Ricardo dos Santos: IOPC to review case after armed Met police arrest athlete

The police watchdog will review how a sportsman who has been repeatedly arrested was stopped again, this time by seven armed officers, as it considers legal action.

Ricardo dos Santos, a Portuguese sprinter based in London, said he released a video of the incident in central London on Sunday morning to show that black youths continued to face “policing excess”. He said he feared for his safety during the stop, the third in the past two years.

I’m not surprised to have to go through this again. While driving home last night 7 armed @metpoliceuk the officers pulled me over because they thought i was on the phone while driving. At their request, I stopped when it was safe to do so. 1/3 pic.twitter.com/Px2KSJZQi8

— Ricardo Dos Santos (@RDSS400) August 14, 2022

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I’m not surprised to have to go through this again. While driving home last night 7 armed @metpoliceuk the officers pulled me over because they thought i was on the phone while driving. At their request, I stopped when it was safe to do so. 1/3 pic.twitter.com/Px2KSJZQi8

— Ricardo Dos Santos (@RDSS400) August 14, 2022

The Metropolitan Police said it had referred her complaint to the Independent Office for Police Conduct (IOPC). His spokesman told the Guardian he was taking legal advice on whether he could sue the force.

Speaking to BBC Radio 5 live, Dos Santos said nothing had changed since he and his partner, British sprinter Bianca Williams, were stopped and handcuffed by police in July 2020 in what they allege it was an incidence of racial profiling.

The stop-and-search controversies were cited in June as one of several scandals that saw the Met placed under special measures by the police inspectorate.

Dos Santos said: “My intention was purely for people to understand that although the police have put in special measures, nothing will change or change.” He added: “My worry is that it will never stop. If people don’t talk about it [it] especially people with a platform and a voice, it will not stop”.

In a statement on Monday, the Met said: “We have now recorded this matter as a public complaint. We have also referred it voluntarily to the Independent Office for Police Conduct, recognizing the public interest. We look forward to your views on how they may want to take this forward.”

Dos Santos said his previous encounters led him to drive to a more visible location when police initially tried to flag him down on the M40 crossing in the early hours of Sunday morning.

Defending his decision not to stop immediately, he said: “The passage is quite dark… For my own safety and based on my previous incidents with them, I thought the best place to stop would be a lighted place with potential witnesses. I didn’t stop, I stopped where it was safe to do so.”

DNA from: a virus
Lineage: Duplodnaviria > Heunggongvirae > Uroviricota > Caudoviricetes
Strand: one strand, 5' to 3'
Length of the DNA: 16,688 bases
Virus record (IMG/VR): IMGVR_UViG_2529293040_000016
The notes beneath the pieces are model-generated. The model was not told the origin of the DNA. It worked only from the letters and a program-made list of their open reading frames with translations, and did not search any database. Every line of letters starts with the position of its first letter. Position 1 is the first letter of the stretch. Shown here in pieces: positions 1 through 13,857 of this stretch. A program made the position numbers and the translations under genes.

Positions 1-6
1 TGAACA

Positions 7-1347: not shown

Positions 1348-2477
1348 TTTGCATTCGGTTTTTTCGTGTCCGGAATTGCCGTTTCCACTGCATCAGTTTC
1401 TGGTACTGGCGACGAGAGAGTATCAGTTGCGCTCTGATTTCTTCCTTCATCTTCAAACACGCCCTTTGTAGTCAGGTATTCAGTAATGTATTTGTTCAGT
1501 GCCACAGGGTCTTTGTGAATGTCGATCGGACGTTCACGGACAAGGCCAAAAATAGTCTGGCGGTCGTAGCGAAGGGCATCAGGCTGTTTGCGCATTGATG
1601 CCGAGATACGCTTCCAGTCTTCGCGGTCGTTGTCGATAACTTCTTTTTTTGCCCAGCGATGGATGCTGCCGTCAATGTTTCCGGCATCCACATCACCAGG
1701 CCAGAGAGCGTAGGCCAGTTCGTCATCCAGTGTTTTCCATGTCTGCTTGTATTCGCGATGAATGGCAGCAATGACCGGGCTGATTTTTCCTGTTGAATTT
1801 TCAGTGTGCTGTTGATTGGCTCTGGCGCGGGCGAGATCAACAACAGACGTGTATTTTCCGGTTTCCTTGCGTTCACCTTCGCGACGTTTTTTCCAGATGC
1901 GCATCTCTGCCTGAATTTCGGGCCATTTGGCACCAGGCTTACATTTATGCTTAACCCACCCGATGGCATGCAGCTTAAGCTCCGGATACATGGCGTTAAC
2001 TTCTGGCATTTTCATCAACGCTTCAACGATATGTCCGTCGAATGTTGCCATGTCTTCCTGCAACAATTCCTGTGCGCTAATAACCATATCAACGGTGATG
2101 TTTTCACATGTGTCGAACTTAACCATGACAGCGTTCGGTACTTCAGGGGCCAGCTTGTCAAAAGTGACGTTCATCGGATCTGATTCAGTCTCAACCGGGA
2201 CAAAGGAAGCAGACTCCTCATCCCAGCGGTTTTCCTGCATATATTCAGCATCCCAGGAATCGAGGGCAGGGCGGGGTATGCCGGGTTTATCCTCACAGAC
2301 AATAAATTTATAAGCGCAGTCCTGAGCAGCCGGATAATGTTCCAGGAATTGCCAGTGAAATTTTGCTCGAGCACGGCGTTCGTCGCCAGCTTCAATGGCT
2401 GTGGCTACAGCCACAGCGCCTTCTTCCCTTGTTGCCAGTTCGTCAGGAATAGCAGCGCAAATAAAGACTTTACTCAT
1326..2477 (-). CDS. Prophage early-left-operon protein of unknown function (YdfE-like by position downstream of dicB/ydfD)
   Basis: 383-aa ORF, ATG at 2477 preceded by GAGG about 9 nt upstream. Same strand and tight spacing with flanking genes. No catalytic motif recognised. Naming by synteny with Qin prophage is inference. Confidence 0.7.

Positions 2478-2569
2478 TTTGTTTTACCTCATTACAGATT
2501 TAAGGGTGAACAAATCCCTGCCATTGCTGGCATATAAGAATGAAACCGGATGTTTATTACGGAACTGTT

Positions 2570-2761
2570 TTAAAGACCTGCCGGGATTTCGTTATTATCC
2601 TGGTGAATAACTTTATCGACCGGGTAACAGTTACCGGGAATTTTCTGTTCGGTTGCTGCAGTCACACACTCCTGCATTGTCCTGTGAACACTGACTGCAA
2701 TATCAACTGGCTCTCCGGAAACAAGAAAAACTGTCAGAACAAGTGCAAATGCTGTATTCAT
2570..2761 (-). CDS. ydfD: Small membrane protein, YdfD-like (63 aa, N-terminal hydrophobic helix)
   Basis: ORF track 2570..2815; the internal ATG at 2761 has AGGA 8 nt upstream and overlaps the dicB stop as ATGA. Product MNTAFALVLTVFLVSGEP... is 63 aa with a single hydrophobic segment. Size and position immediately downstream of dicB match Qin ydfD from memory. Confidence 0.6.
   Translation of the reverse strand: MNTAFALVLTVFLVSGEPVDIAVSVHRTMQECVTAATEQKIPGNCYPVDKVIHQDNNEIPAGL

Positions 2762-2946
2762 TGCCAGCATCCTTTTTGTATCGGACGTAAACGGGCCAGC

He added: “I was worried about my safety, because two years ago I didn’t do anything wrong either. And I was dragged out of the car and basically attacked by police officers.”

When he stopped, five minutes later, Dos Santos was accosted by seven armed officers in three police vehicles. He said the officers acted aggressively. One appeared to try to break the window of his Tesla, and another tried to stop him from walking in front of the car where he could be filmed by the vehicle’s dash cam, Dos Santos said.

He said: “I think this whole environment that it’s been played in, it was overpolicing.”

Police said a routine armed patrol called for more help after the car initially failed to stop when requested.

The Met confirmed that Dos Santos was stopped on suspicion of using a mobile phone at the wheel. He was allowed to go after a discussion with officers. Dos Santos said he showed officers his phone to prove he hadn’t used it. He said he kept “as calm as possible.” He added: “It’s happened many times. So it’s my norm.”

He said he deliberately did not film the incident, noting that his car recorded footage automatically. He said that after the 2020 incident when his family stopped driving a Mercedes with tinted windows, they decided to switch vehicles. “I thought a family car would stand out a lot less,” he said.

He said the cameras in the car made him feel safer and one of the officers stopped behaving aggressively after he was told the car had a camera. Dos Santos said, “You act differently when you know you’re being recorded.”

Dos Santos has declined an invitation from the Met, posted on Twitter, to discuss the matter. He said: “I have passed it on to my lawyer. I will have no direct contact with them.”

After posting a video of the incident on Twitter, Dos Santos has been criticized on the platform for not initially stopping.

Several anonymous accounts claiming to represent police officers were among those critical of Dos Santos. One post, purportedly written by a former firearms officer, accused him of trying to “baiting police to pursue an anti-police agenda“.

Dos Santos said: “I don’t let the comments affect me. Everyone on social media debating what should have happened or what shouldn’t have happened.”


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